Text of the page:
Channel Islands National Marine Sanctuary and the larger Santa
Barbara Channel region hosts an abundance of blue, humpback, fin
and other large migratory whales. This area also supports some
of the busiest vessel traffic in the United States. Unfortunately,
where vessels and whales overlap there is a heightened risk of
ship strike that can cause serious injuries or death to whales.
In 2007, four blue whale fatalities in the Santa Barbara Channel
region were confirmed to be caused by ship strike. Reducing the
risk of ship strike to these endangered whales is a priority issue
for CINMS and NOAA Fisheries.
In this section, you will find information on our efforts to manage,
monitor, research, educate and keep the local community involved,
and to protect large whales when they are in the Sanctuary and
Santa Barbara Channel Region.
Santa Barbara Channel Traffic Separation Scheme Amendment
The International Maritime Organization (IMO) is amending the Santa Barbara Channel Traffic Separation Scheme (TSS) and the approach to the ports of Los Angeles and Long Beach, effective June 1, 2013. The TSS amendment will reduce the width of the separation zone from 2 nautical miles (nm) to 1 nm by shifting the inbound south lane shoreward and away from known whale concentrations. The outbound north lane will remain unchanged in the current location. Narrowing the separation zone is expected to reduce co-occurrence of ships and whales while maintaining navigation safety.
For the official USCG Local Notice to Mariners (LNM) please click here. For the IMO approved coordinates and graphics depicting the TSS amendments go to the enclosures section.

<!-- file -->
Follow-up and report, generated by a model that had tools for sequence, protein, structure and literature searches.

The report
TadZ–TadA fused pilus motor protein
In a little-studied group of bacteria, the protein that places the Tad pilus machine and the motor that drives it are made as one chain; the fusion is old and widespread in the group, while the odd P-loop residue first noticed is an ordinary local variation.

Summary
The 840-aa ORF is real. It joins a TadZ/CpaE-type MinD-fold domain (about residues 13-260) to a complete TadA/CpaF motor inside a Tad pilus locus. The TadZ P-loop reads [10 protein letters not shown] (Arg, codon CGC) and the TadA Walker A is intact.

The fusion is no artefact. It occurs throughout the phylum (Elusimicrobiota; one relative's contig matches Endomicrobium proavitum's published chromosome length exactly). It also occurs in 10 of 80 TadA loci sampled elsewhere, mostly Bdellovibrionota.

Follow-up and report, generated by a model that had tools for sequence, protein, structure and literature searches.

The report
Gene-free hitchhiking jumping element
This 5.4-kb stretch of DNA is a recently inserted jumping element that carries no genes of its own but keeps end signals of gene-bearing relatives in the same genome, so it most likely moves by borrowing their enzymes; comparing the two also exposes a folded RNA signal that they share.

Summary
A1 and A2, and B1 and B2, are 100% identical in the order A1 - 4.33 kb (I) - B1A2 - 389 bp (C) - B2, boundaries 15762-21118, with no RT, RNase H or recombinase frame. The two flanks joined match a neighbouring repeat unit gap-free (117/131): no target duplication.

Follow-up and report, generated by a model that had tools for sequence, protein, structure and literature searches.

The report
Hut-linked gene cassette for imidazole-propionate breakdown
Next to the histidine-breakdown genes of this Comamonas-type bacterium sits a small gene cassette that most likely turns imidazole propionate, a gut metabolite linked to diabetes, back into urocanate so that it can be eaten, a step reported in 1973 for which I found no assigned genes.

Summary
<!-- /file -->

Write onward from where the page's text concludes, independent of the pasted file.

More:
|NOAA chart showing the Santa Barbara Channel Traffic Separation Scheme adjustments. Click on the map for a larger view.|
2013 WHALE ADVISORY NOW IN EFFECT
Southern California - Whales - Point Arguello to Dana Point
Vessels transiting the area between Point Arguello and Dana Point, including the Traffic Separation Schemes in the Santa Barbara Channel and San Pedro Channel, from May through November, should exercise caution and reduce speed. These areas contain populations of endangered blue, humpback and fin whales. Collisions with these animals resulting in their injury or death is a violation of the Endangered Species Act (16 U.S.C. 1538 et seq.), the Marine Mammal Protection Act (16 U.S.C. 1361 et seq.), and the National Marine Sanctuaries Act (16 U.S.C. 1431 et seq.).
Additional information can be found here.
Please report any collisions with whales or any observed injured or dead whales to NOAA at 877-SOS-WHALe (877-767-9425)
Podcast: Updates on Shipping and Whales
Learn about West Coast ship strikes to whales and what national marine sanctuaries are doing to help solve this problem. Find out how a new whale spotter app is engaging mariners to help. Listen to the Reducing the Threat of Ship Strikes to Whales podcast produced by Thank You Ocean.
NOAA Channel Islands National Marine Sanctuary
University of California Santa Barbara
Ocean Science Education Building 514, MC 6155
Santa Barbara, CA, 93106-6155